As radiation poisons areas around Japan’s Fukushima Daiichi complex, it also floats and falls across the planet.
Even the US Environmental Protection Agency (EPA), with its dubious record of protecting public good over industry profit, allows that “There is no firm basis for setting a "safe" level of exposure above background for stochastic effects.”
A stochastic effect is a pattern that can be analyzed statistically but not predicted precisely. So if Fukushima’s fallout exposes, say, 1 million people to excess radiation, we know some will get cancer, but not who.
It is not even true–within limits-- that higher exposure equals greater likelihood of disease. “The risk of cancer from long-term exposure to low doses of radiation could be as much as 10 times higher … than has been seen in atomic bomb blast survivors,” according to a 1991 federally mandated study in the Journal of the American Medical Association that tracked 8,318 Oak Ridge National Laboratory employees over 40 years.
Sources of power plant radiation range from catastrophic accidents such as Three Mile Island and Chernobyl, to a steady stream of breakdowns and leaks around the world, to the enduring problem of waste. Three quarters of America’s 72,000 tons of commercial power plant-waste now sits in water-filled cooling pools like those at Fukushima.
Regulation has failed to ensure safety. When a Japanese whistleblower revealed in 2000 that Tokyo Electric had falsified inspection records and hidden cracks at Daiichi, two years passed before then-prefectural governor Eisaku Sato was informed. He recently told the New York Times: “An organization that is inherently untrustworthy is charged with ensuring the safety of Japan’s nuclear plants. So the problem is not limited to Tokyo Electric, which has a long history of cover-ups, but it’s the whole system that is flawed. That’s frightening.”
The same frightening flaws and cracks exist not only in US nuclear power plants, but in our own corrupted, pro-industry regulatory system.
And in neither democracy can citizens vote to shut a dangerous plant. Except, quite possibly, in Vermont where Vermont Yankee (VY) an aging, accident-prone plant owned by Entergy is nearing the end of its 40-year license. The General Electric Mark 1 boiling water model was discontinued in 1972, the year it was built in Vermont and one year after construction at Fukushima.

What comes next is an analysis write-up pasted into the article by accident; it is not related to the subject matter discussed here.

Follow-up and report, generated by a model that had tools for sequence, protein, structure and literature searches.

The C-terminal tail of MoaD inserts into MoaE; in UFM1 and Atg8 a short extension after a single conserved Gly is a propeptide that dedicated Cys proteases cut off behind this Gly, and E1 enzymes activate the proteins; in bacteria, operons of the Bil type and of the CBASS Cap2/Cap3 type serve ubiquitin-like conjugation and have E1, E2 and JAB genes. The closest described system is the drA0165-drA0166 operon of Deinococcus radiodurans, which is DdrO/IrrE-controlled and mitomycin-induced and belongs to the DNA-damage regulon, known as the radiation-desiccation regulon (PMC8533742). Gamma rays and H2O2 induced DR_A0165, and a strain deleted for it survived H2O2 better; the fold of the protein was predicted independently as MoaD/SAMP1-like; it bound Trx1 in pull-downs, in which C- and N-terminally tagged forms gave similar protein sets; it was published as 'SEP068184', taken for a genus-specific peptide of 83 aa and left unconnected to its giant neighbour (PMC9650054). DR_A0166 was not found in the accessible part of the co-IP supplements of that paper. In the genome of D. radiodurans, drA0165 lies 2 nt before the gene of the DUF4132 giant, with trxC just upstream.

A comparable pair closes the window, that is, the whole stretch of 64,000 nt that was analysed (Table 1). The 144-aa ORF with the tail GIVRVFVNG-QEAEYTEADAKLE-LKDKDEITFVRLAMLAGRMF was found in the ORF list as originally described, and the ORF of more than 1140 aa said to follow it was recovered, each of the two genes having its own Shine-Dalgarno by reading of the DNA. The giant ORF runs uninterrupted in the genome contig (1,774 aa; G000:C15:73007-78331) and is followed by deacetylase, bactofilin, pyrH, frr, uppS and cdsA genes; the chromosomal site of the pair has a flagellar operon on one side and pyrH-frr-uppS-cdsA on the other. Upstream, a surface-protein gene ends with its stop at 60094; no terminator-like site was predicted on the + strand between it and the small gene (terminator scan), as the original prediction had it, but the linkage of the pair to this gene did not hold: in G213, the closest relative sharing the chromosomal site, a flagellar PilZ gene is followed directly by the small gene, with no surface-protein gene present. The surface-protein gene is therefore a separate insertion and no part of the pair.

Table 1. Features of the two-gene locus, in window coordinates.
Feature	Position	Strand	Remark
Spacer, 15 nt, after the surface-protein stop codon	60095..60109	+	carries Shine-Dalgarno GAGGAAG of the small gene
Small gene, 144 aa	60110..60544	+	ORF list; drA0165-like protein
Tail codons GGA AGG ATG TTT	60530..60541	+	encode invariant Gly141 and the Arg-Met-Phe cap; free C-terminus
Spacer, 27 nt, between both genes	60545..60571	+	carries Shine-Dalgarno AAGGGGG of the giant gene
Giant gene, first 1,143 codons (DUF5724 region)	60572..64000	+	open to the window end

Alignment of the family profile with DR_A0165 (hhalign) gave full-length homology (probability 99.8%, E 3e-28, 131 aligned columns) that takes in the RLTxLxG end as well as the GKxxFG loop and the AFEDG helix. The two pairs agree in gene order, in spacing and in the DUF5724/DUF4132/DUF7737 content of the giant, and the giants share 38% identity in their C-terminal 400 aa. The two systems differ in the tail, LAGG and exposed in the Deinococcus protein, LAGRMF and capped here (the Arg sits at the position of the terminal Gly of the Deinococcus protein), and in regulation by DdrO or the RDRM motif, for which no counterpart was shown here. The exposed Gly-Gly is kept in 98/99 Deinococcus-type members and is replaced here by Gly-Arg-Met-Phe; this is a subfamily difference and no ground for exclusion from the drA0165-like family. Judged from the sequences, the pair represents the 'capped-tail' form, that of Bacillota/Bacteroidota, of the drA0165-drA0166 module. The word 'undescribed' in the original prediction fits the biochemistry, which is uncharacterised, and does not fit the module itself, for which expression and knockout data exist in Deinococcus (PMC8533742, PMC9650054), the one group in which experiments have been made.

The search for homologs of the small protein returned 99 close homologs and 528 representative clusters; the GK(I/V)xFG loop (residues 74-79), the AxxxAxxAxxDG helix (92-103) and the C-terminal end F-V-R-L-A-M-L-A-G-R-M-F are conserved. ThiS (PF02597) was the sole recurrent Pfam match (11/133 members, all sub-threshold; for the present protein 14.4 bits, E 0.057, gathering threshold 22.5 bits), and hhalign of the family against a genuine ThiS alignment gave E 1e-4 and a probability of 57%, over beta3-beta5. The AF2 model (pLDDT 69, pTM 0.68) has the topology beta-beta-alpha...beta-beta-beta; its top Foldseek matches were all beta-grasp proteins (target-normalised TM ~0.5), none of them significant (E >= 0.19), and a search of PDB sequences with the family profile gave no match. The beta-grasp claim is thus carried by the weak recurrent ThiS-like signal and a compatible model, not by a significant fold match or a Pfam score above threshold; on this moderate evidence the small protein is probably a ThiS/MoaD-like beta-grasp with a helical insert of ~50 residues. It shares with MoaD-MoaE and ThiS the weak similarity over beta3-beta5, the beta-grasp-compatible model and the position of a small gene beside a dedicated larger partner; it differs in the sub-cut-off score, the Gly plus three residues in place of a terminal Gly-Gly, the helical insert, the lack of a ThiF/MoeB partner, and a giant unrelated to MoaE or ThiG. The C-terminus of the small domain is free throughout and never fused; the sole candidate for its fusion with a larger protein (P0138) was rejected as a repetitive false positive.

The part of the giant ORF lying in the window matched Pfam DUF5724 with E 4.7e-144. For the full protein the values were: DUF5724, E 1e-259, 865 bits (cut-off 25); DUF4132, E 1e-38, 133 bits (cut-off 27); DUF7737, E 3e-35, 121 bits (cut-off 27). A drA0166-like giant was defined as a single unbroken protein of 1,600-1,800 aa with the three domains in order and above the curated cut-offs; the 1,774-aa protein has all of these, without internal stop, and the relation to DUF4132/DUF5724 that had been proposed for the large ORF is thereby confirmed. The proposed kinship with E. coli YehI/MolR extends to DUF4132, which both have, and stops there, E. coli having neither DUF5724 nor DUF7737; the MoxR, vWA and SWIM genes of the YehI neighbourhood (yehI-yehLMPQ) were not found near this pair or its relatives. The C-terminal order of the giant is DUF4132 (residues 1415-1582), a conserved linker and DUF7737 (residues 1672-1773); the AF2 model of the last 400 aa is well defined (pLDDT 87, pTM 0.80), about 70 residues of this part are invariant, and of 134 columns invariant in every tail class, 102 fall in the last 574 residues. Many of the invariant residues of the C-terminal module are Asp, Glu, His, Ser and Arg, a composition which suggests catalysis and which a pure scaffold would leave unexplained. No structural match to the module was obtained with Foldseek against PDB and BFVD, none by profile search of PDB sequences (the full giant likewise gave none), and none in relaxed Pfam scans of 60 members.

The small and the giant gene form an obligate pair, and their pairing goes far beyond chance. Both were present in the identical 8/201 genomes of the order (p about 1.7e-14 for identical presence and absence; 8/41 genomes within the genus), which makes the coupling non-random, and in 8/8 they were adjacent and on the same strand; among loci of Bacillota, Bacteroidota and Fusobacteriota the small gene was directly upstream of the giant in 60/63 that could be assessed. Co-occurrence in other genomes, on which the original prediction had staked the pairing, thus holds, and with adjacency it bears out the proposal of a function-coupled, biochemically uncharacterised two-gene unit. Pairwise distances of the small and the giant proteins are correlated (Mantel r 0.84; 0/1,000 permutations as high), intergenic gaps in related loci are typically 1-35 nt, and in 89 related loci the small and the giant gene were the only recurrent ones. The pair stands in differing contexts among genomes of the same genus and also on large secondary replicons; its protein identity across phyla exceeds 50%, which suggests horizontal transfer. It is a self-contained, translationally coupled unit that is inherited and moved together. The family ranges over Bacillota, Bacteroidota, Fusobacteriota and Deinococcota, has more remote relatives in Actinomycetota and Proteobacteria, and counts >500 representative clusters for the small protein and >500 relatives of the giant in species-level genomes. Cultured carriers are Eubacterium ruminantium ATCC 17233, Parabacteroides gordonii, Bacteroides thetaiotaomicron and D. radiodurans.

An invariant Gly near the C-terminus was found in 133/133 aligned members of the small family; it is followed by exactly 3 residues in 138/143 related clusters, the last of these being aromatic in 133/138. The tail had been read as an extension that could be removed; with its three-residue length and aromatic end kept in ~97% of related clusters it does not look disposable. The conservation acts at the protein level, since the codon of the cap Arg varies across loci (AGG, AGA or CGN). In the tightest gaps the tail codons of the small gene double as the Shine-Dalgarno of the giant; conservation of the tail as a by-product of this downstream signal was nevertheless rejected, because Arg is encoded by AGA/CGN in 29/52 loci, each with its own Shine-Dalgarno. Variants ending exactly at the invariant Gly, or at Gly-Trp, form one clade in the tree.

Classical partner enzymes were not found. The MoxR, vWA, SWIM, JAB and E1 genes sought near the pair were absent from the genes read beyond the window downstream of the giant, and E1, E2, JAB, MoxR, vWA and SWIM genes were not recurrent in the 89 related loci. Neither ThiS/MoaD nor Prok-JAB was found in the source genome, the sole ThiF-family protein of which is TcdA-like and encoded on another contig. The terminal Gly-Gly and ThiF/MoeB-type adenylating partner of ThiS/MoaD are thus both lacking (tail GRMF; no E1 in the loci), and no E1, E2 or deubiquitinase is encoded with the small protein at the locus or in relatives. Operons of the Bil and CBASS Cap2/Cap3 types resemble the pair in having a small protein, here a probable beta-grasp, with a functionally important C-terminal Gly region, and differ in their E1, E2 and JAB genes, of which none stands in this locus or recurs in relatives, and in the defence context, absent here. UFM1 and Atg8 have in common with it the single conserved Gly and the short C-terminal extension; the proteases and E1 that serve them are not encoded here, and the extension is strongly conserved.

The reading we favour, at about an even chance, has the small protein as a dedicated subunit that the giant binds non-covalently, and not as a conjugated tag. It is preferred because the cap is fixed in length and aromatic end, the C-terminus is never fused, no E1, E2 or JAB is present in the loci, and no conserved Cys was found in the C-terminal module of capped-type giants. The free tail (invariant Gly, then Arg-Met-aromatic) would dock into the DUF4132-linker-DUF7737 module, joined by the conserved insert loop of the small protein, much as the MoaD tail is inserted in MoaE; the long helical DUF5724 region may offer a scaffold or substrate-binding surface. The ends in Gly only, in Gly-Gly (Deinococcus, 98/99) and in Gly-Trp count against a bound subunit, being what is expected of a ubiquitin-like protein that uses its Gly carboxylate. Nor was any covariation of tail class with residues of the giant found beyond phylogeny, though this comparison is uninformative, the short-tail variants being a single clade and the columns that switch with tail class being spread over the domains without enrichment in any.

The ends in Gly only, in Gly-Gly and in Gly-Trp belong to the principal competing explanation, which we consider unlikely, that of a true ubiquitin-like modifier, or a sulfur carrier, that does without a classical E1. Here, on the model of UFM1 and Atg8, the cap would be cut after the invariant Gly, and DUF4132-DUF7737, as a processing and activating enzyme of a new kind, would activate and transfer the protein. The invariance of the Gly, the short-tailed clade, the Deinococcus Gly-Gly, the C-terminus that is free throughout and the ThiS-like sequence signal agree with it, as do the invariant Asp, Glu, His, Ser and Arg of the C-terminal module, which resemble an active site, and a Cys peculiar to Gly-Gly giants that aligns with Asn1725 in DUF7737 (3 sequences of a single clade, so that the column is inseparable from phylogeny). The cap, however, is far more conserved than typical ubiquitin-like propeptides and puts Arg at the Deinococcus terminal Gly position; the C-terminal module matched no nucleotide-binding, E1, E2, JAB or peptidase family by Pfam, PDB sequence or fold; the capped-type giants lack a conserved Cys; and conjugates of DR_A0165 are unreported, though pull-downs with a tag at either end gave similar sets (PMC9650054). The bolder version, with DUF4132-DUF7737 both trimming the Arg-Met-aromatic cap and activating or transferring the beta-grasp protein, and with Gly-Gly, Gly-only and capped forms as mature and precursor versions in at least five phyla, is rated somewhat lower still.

By 2002, Vermont Yankee’s poor safety record prompted the state to require Entergy to obtain a certificate of public good before it could extend its license past 2012.
Last year the legislature denied that certificate. With a new Democratic governor who campaigned on shutting the plant, and a legislature royally pissed at Entergy’s repeatedly lying about leaks, one last vote this year is expected to kill VY. Gov. Peter Shumlim is demanding that Entergy pay not only decommissioning costs, but storage fees for any waste left behind.
The nuclear industry and the feds will likely fight back. The NRC just rubberstamped Entergy’s renewal request, as it did with all 64 other requests, and odds are Entergy will sue Vermont all the way to the Supreme Court.
Vermonters believe a deal is a deal and that the legislature has the right under a democracy to uphold the contract and shut the plant. They also see the horror unfolding in Japan, and remember when Chernobyl’s radioactive plume, driven by ill winds, fell with spring rain onto freshening fields, tainting much of the state’s milk supply.
One reason I live in Vermont is the commitment to community and environment that have fueled the decades-long effort to shut VY. I also lived in Japan for almost seven years, and its ethical, social and aesthetic values shaped me, as did the generosity and kindness of strangers and friends there. It would be crass to put the terrible suffering from Japan’s man-made and natural disasters to service for a cause. But I would be sadder not to. The lesson of Fukushima is the corruption and stupidity inherent in entrusting governments and regulators in thrall to industry with safeguarding the public.
Japanese poets love to write about hakanai, the transience that is defines the human condition. The metaphor of ephemeral cherry blossom petals drifting gently in the wind is romantically sad; the reality of the millennia-long contamination is too cruel to bear.